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December 29, 2014 • joedolson

The Department of Justice’s recent settlement with a Chicago-based hospital system is the latest reflecting the agency’s continuing pursuit of claims against health care providers – small and large — who fail to provide adequate service to persons who are deaf or hearing-impaired. Under the settlement, Franciscan St. James Health is required to conduct disability assessments to be documented in the Electronic Medical Records (EMRs), provide interpreters and other auxiliary aids and services to patients and companions with hearing disabilities, designate round-the-clock Americans with Disabilities Act (ADA) administrators, and establish a complaint resolution procedure. In addition, it is required to create policies and posters, train hospital personnel and affiliated physicians, make periodic reports and submit to three years of government oversight.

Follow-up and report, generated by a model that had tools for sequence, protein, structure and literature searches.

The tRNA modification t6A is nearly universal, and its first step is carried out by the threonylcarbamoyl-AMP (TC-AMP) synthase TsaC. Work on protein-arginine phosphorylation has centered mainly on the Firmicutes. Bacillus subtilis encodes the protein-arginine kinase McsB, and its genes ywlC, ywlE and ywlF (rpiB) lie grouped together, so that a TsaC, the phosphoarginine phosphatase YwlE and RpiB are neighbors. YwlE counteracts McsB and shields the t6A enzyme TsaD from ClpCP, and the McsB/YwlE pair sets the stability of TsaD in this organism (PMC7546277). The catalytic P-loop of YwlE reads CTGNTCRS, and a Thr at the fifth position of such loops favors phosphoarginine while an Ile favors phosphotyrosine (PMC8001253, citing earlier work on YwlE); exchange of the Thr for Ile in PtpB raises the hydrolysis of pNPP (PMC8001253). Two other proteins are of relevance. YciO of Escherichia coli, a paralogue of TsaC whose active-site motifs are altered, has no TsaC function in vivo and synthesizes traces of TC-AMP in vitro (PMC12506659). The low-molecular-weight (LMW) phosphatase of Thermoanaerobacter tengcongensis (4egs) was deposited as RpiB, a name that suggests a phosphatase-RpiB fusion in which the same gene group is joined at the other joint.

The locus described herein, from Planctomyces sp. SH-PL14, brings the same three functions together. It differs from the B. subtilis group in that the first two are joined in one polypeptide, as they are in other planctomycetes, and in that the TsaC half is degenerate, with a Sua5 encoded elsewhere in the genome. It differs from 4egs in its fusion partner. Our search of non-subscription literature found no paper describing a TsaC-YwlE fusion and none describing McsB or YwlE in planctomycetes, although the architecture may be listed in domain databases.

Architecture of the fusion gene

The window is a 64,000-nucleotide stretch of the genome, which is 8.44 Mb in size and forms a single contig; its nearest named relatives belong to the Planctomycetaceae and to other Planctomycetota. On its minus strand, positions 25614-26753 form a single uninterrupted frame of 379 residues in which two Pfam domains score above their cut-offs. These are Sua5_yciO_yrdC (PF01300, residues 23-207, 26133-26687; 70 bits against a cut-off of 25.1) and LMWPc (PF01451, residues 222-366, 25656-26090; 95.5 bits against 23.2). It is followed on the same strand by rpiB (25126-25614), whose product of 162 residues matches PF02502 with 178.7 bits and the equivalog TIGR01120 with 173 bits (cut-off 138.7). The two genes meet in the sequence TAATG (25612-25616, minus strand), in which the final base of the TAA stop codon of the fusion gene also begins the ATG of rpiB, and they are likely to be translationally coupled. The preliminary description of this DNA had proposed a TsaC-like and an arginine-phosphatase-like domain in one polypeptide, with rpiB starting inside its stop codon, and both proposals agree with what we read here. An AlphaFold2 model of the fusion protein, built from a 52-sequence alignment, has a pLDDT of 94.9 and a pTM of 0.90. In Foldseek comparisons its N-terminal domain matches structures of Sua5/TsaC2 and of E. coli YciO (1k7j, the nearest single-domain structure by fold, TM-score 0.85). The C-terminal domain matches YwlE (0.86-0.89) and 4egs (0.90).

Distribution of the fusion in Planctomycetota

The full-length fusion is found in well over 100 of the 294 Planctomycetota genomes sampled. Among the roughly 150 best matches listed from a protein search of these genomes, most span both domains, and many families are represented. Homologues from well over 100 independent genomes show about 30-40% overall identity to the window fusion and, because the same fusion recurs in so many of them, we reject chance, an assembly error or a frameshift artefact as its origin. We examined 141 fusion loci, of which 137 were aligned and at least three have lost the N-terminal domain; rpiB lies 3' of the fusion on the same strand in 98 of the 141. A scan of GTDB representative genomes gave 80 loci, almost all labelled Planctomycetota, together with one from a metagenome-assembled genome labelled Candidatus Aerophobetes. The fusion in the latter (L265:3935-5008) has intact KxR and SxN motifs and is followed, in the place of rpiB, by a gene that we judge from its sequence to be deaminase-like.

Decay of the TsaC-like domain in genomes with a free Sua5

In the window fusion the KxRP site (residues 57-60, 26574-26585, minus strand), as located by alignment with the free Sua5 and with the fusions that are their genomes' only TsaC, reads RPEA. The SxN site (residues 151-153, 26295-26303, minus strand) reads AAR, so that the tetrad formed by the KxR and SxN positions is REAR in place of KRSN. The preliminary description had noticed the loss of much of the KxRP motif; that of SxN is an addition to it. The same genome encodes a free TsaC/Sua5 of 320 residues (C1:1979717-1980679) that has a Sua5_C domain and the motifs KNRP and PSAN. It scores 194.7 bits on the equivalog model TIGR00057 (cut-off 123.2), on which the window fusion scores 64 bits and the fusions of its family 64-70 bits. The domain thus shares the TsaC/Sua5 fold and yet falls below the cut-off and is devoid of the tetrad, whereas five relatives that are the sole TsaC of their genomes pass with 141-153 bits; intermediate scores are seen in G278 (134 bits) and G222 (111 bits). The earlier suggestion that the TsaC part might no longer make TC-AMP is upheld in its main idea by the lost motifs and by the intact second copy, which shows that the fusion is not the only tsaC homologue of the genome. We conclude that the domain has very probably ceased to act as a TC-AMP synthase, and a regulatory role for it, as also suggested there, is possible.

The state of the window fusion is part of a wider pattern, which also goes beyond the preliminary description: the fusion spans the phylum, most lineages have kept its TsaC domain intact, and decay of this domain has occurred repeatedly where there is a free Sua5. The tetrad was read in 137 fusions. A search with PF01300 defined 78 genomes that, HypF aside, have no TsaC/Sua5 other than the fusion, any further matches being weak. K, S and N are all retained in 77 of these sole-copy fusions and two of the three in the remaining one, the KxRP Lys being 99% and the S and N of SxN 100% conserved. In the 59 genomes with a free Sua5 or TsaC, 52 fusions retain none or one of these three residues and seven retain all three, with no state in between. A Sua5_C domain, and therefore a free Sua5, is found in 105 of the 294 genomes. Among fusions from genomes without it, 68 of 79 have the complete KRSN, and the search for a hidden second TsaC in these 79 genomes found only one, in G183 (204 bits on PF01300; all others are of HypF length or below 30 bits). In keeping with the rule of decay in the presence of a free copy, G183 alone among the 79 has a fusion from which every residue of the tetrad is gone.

The St. James settlement, announced earlier this month, is the fourth since October 2014 arising out of the Barrier-Free Health Care Initiative (the Initiative). The Initiative was instituted in 2012 and initially aimed at ensuring that health care providers provide effective communication to people who are deaf or have significant hearing loss. In partnership with the Civil Rights Division and more than 40 U.S. Attorney’s offices across the country, the Initiative is aimed at enforcing Title III of the ADA and Section 504 of the Rehabilitation Act.

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